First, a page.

Integrating trees on farms is re-emerging in the UK as result of concern for declining wildlife numbers and climate change. Agroforestry has a multitude of benefits: it enhances biodiversity, resilience and ecosystem services, while providing timber, fruit and nuts which can be sold as an added income. However, while we desperately need to increase our nut, fruit and timber production in the UK, in order to reduce transportation costs, it is vital to plant suitable trees for the landscape as disturbing biodiverse, special places could have more negatives than positives effect. Getting professional advice is advisable or at least read up on the subject more first.
There are four main types of agroforestry:
Silvopastoral consists of combining trees and livestock by planting rows of tree, tree clumps or individual trees in pasture fields. Research shows that the shade and shelter provided by trees reduces livestock mortality and improves animal welfare. Trees also provide animals with alternative, mixed health forage which can be medicinal.
Silvoarable consists of combining trees with crops by planting trees within fields. Trees can improve the soil structure and organic matter content, affecting nutrient cycling and water holding capacity, reduce soil erosion and prevent downstream flooding. Crops are sheltered from the wind and can access more nutrients brought up by the deep roots of trees. By adding diversity the system becomes more resilient.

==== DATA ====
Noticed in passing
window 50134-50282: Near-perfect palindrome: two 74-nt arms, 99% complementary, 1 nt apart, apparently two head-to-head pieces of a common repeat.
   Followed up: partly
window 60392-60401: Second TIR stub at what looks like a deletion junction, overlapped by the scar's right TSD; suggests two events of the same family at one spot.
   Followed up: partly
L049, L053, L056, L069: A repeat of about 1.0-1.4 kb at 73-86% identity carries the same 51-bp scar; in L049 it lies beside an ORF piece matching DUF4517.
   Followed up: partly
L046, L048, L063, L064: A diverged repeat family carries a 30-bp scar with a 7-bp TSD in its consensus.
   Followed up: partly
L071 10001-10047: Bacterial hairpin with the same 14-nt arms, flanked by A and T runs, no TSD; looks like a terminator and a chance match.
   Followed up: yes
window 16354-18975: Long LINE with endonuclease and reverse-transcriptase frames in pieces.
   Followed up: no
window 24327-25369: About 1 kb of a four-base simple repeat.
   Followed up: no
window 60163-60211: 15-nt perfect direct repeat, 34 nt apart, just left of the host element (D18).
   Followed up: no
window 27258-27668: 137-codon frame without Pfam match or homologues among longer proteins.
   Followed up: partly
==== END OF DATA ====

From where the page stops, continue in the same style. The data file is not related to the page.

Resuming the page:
HEDGEROWS, SHELTERBELTS AND RIPARIAN BUFFER STRIPS
Hedgerows are the most widespread agroforestry system, often acting as a field boundary while providing important corridors for wildlife, shade for livestock and supplying timber and fruit. Shelterbelts are planted in a linear format on the edge of a field to reduce wind speed, protect crops and livestock, and reduce erosion. These are becoming increasingly necessary. Riparian planting is when trees are planted along watercourses such as streams, rivers and lakes to act as a buffer to protect the water quality from farm run-off.
FOOD FORESTS OR EDIBLE FORESTS
Food forests or edible forests or forest gardens mimics the structures of a natural forest, with multiple layers of plants stacked vertically to increase overall production. Again, having such diversity increases resilience and reduces problems from pest and disease. Animals can be integrated, such as pigs, sheep, ducks and a wide variety of mushrooms, tree syrups, fruits, nuts, medicinal plants and crops can be grown.
The UK government is aiming to plant 30 million trees a year working up to the forthcoming Environmental Land Management scheme. Defra announced that silvoarable (with a cereal or bio-energy crop), silvopasture, riparian forest buffer and shelterbelts will be eligible for the Basic Payment scheme (BPS), provided other BPS rules are complied with. County councils also have some money available to support planting as well as the Woodland Trust.
Selecting species to plant requires careful consideration. The soil type, climate, root structure and years to maturity are some examples of factors to bear in mind. A management plan and cash-flow forecast are advised before planting to ensure agroforestry systems are successful in achieving aims. Agroforestry consultancies, such as the Farm Woodland Forum and Abacus, can provide guidance and advice.
WHERE TO FIND MORE INFORMATION
The Agroforestry Handbook by the Soil Association
https://www.youtube.com/watch?v=RePJ3rJa1Wg – great example of an edible forest, permaculture principles.
The MOREwoods scheme by the Woodland Trust – https://www.woodlandtrust.org.uk/plant-trees/large-scale-planting/morewoods/
The Woodland Carbon Guarantee government carbon payment scheme – https://www.gov.uk/guidance/woodland-carbon-guarantee
Precision Agroforestry – https://regenfarmer.com/precision-agroforestry/